With each ms I finish, I feel it myself. I find more ways to deal with problems and have more tools inside my head. I can’t think of a particular lesson I’ve learned recently, except to be prouder of my accomplishments and realize how far I’ve come.

Syleste Hoskins
Syleste Hoskins

I’m also struggling with emotion in my characters. This is one of the big reasons I haven’t made much progress in editing my book. I keep working on the same sections over and over again, trying to convey my character’s feelings, but I don’t see any improvements. I guess I’ll have to do more research. I’m actually waiting for a few books on the subject to arrive at my doorstep.

Andrew Mocete

Overall I’ve adopted the less is more attitude. I always wanted to make sure the reader understood what I was saying, which I suppose spoke to my confidence as a writer. People still liked it, but now since I’ve adjusted my style, when they read something I get told it’s much better. Yay me!

alyslinn

Even just over the course of the novel I’ve been writing, I have learned a lot. I’m somewhat dreading going back for edits/rewrites because I know that I’ll be doing a lot of it. (getting rid of nods and smiles especially :))

Tawna Fenske

Hey, thanks for the blog shout-out! Your choice for outside-the-comfort-zone reading material sounds a bit different from mine 🙂

I keep hearing about this book, so I might just have to pick it as my selection for next month!

Tawna

Jeffe Kennedy

My favorite writing lesson is to write, if not every day, then as consistently close to that as I can manage. I resisted for years. Best thing I ever caved on.

Suzanne Johnson

Great post! I guess the most valuable thing I’ve learned along the way (so far, because I’m definitely still learning) is to “blow apart” paragraphs in revision to see if emotion can be worked into them in a subtle way. I still haven’t mastered it, but emotion’s tough for me to write and this technique has helped me isolate opportunities for it.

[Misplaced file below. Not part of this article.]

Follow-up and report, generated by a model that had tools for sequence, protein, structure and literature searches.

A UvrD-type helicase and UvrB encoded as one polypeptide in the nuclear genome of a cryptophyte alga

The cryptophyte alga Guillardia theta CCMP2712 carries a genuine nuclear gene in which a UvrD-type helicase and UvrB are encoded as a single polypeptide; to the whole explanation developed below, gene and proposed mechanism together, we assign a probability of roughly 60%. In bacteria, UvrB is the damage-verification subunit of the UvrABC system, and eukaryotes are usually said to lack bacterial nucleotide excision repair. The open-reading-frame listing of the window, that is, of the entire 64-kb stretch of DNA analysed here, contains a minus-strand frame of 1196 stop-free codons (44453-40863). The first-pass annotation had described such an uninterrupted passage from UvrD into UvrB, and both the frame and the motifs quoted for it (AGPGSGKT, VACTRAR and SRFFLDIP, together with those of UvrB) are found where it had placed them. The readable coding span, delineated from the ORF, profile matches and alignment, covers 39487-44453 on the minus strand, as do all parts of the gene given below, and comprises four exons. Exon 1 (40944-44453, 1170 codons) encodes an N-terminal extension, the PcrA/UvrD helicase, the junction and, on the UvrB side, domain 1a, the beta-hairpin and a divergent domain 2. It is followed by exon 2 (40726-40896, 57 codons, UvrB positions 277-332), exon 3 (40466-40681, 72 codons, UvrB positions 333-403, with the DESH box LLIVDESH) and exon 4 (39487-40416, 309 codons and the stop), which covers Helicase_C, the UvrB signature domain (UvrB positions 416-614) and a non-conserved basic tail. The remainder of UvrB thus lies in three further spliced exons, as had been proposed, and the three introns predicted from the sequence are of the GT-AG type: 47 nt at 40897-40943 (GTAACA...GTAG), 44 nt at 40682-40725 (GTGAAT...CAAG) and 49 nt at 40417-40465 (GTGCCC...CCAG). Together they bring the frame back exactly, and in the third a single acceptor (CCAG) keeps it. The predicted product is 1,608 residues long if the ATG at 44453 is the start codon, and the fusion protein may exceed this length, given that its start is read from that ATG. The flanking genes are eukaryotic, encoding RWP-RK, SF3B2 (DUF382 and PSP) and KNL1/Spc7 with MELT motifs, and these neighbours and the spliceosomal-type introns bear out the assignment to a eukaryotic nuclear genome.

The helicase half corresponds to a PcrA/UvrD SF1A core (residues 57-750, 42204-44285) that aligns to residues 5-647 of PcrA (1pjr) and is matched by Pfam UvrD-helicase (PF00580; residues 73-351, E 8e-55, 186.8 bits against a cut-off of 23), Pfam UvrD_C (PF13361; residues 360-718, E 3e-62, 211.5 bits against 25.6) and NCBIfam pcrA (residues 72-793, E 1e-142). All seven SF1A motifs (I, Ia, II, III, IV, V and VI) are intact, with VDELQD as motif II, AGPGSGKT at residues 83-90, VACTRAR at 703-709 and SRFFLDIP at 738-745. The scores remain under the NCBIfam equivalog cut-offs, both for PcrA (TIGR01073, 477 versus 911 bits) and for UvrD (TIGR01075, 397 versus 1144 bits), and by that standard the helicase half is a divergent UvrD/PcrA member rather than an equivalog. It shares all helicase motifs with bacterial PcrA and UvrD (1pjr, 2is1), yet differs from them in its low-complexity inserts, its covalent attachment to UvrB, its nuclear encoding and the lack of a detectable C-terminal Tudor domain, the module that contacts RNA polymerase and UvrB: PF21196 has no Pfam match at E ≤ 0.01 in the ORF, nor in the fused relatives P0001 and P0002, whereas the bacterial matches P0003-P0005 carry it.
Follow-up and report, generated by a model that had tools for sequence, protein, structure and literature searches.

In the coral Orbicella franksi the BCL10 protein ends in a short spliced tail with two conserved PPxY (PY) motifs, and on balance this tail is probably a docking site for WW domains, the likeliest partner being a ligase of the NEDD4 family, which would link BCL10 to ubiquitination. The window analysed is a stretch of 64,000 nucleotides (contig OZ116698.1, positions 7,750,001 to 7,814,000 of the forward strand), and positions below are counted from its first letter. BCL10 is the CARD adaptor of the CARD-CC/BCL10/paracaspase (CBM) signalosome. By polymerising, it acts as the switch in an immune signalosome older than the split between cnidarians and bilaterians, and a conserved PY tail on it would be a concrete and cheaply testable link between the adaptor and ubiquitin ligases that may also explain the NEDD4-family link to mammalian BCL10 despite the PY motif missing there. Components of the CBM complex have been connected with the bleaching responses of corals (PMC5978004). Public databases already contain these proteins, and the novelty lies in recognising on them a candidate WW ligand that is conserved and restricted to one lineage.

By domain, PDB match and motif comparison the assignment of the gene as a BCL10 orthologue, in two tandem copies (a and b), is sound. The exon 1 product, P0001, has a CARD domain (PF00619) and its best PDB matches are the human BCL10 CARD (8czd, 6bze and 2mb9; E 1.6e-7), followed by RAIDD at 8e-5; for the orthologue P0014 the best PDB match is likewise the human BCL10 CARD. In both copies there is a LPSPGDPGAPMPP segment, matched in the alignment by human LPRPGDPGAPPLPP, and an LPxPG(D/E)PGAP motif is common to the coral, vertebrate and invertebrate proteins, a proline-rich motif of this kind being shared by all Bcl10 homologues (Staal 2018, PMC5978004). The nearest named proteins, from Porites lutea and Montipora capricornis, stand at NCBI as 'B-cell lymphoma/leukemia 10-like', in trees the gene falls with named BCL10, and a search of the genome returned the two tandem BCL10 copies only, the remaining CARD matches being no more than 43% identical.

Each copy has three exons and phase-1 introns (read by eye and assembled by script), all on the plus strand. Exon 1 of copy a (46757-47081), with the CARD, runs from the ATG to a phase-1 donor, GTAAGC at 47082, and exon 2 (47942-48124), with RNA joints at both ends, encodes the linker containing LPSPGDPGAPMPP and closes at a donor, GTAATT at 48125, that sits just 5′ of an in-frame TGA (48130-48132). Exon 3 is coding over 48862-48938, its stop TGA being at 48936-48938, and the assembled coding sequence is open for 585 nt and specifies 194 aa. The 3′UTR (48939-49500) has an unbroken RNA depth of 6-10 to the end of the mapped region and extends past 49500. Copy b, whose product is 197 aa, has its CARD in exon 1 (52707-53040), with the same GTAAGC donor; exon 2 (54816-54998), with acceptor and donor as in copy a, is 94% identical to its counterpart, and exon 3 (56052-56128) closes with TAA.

Todd Moody

My wife is my alpha reader and she brought one home for me just last week. I was writing an important scene and asked her to critique it. She reminded me to make the reader feel the scene instead of just reading it. Little nuances can make a big difference in projecting the reader into the scene. The masters at it can really make you forget you are reading a book, I’m still working on it.

Murphy

Hi Jami!
Great topic. In my writing, I love the little things. I think those natural gestures draw the reader in. Instead of having my heroine pull the grocery list off the fridge and put it in her purse – I’d add that she folded it into quarters before putting it into her purse. Such a little thing and yet it humanizes a character.

My biggest writing lesson? (besides chopping the 22 adjectives out of each sentence. 😉 ) I used to think if my character had certain idiosyncrasies that was enough for the reader to connect with, but it wasn’t. It’s those unexpected reactions or actions that make a character come to life on the page. A nose scrunch, a wink or a huffed aside bit of bang – does wonders for making a character come alive.

Great post.
Thanks!
Murphy

Murphy

Awww! Thanks Jami! And I’ve learned how to make my characters suffer REALLY GOOD from you. 🙂

Sophie
Sophie

Something I’m proud of? My character development. I can compare my process from a couple of years ago to now, and it has definitely gotten better. I connect more with the character (which makes it somewhat easier to hit their soft spots… hee hee) and can understand them more. It also means they do things that I didn’t expect. (Point in case: Fuyumi. She is good at sending me curveballs, right when I think I can predict what she’ll do…)

It helped that I found someone who understands me a couple years ago, and she’s been really helpful in making me think before I write. A fellow writer can be so handy…